The Elephant Orphanage is located halfway between Colombo and Kandy. We decided to take a train from the modern-looking central station in Kandy westwards to Ranbukkana. From there, we planned to travel the extra few kilometers to Pinnawala on foot. After all, we had all day and were in no hurry for a change.
We left our hotel straight after breakfast and walked over to the train station. The train journey takes around an hour and a half. We planned to arrive in Pinnawala a little before lunchtime: This is the time the elephants are taken across the road for their daily wash in the nearby river.
Our train had comfortable soft seats and was not very full, so we had a relaxing journey. When we arrived in Ranbukkana, we walked back the short distance to Kegalle Junction. From there we took the main road south to Pinnawala. The distance is only around 3 km, but it feels longer on foot.
The entrance fee (for adult foreigners) is Rs 2,500 ($7). This gives you access to the main complex and the river where the elephants bathe. Be aware however that you will be hassled by would-be guides and constantly harassed for tips once you are inside.
We saw several elephants in chains. In the covered areas we found some younger elephants being hand-fed with what looked like milk from large bottles. We also saw 2 hairy little baby elephants.
Pinnawala Elephant Orphanage
Further in, there is a large wide open area where the elephants seem to spend the majority of their time. Here they are herded around by the keepers. We counted around 30 or so elephants of different sizes.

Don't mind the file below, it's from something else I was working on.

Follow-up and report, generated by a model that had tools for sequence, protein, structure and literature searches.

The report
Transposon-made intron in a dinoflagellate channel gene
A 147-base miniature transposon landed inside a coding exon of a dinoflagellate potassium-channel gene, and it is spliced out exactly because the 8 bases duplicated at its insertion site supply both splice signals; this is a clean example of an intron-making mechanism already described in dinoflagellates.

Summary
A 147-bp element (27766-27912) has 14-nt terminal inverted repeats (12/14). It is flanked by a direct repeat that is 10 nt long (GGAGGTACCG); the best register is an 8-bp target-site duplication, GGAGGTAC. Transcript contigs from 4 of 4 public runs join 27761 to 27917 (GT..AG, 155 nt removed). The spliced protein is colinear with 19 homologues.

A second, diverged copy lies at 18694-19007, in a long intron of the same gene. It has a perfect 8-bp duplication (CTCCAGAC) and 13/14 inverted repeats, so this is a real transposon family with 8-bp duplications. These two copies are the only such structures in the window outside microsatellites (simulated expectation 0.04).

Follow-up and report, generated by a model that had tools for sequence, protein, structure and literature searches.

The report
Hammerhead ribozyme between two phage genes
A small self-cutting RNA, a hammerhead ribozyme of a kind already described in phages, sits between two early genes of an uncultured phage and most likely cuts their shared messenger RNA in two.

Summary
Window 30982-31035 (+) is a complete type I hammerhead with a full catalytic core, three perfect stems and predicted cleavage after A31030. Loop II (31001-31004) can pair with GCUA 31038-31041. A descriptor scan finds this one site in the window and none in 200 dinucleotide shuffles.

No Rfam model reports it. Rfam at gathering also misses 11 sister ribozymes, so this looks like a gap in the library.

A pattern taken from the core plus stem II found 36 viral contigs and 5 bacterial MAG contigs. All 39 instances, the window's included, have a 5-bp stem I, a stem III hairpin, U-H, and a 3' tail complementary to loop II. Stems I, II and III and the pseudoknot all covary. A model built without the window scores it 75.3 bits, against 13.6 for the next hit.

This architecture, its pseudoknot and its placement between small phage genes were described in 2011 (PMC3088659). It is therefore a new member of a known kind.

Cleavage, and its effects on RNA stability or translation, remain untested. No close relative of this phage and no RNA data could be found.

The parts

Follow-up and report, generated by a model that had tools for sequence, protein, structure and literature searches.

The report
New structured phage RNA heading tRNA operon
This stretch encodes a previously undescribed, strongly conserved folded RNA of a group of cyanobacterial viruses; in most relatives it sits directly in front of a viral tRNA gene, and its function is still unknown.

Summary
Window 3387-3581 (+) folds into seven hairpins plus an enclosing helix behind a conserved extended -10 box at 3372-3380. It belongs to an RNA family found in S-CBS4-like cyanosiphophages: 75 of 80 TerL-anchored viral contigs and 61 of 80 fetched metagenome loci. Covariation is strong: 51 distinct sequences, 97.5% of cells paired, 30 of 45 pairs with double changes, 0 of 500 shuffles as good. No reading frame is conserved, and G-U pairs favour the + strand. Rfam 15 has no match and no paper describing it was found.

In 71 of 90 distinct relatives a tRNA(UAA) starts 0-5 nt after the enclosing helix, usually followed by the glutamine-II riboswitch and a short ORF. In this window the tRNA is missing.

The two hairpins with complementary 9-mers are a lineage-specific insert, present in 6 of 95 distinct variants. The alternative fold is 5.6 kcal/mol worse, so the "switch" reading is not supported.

It’s at this point that the keepers will offer to take pictures of you (with your own camera) next to an elephant. You will then be aggressively badgered for a tip, and no – a few hundred rupees is insufficient: They demand 500 rupees (each keeper).
Around lunchtime, the keepers round up the entire herd and non-too-gently hustle them across the road to the river for bathing. Along this route you’ll find a succession of expensive gift shops selling trinkets, as well as recycled paper and artifacts made from elephant dung.
These items are also surprisingly expensive considering their provenance.
At the river’s edge, around the bathing area, there are a few very busy terraces where you may be able to order something to eat or drink if you’re lucky (and if you have deep pockets). I have to admit that by then I’d had enough of this circus.
If you want to see elephants, there are plenty of other more worthy places in Sri Lanka to see them. This place is simply a slick business designed to part you from your cash at every opportunity.
♦ Want a picture with an elephant? PAY!
♦ Want to visit the washroom? PAY!
♦ Want to feed an elephant? PAY!
♦ Want to ask anyone anything? PAY!
The staff will actually argue aggressively with you if they think your “tip” is insufficient.
This place is no orphanage (and hasn’t been for many years). It exists simply to exploit both elephants and tourists. At least we had the choice to leave: The elephants are not so fortunate…
After this disappointing (and disheartening) experience, we headed back to the train station. Luckily, we found a bus ready to leave for Kandy. We hopped on the bus and saved some time waiting for the next train back.
Our final visit in Kandy would be to the Temple of the Tooth, down by the lake.
After that, we planned to head up into the relative serenity of the mountain jungles to the east.
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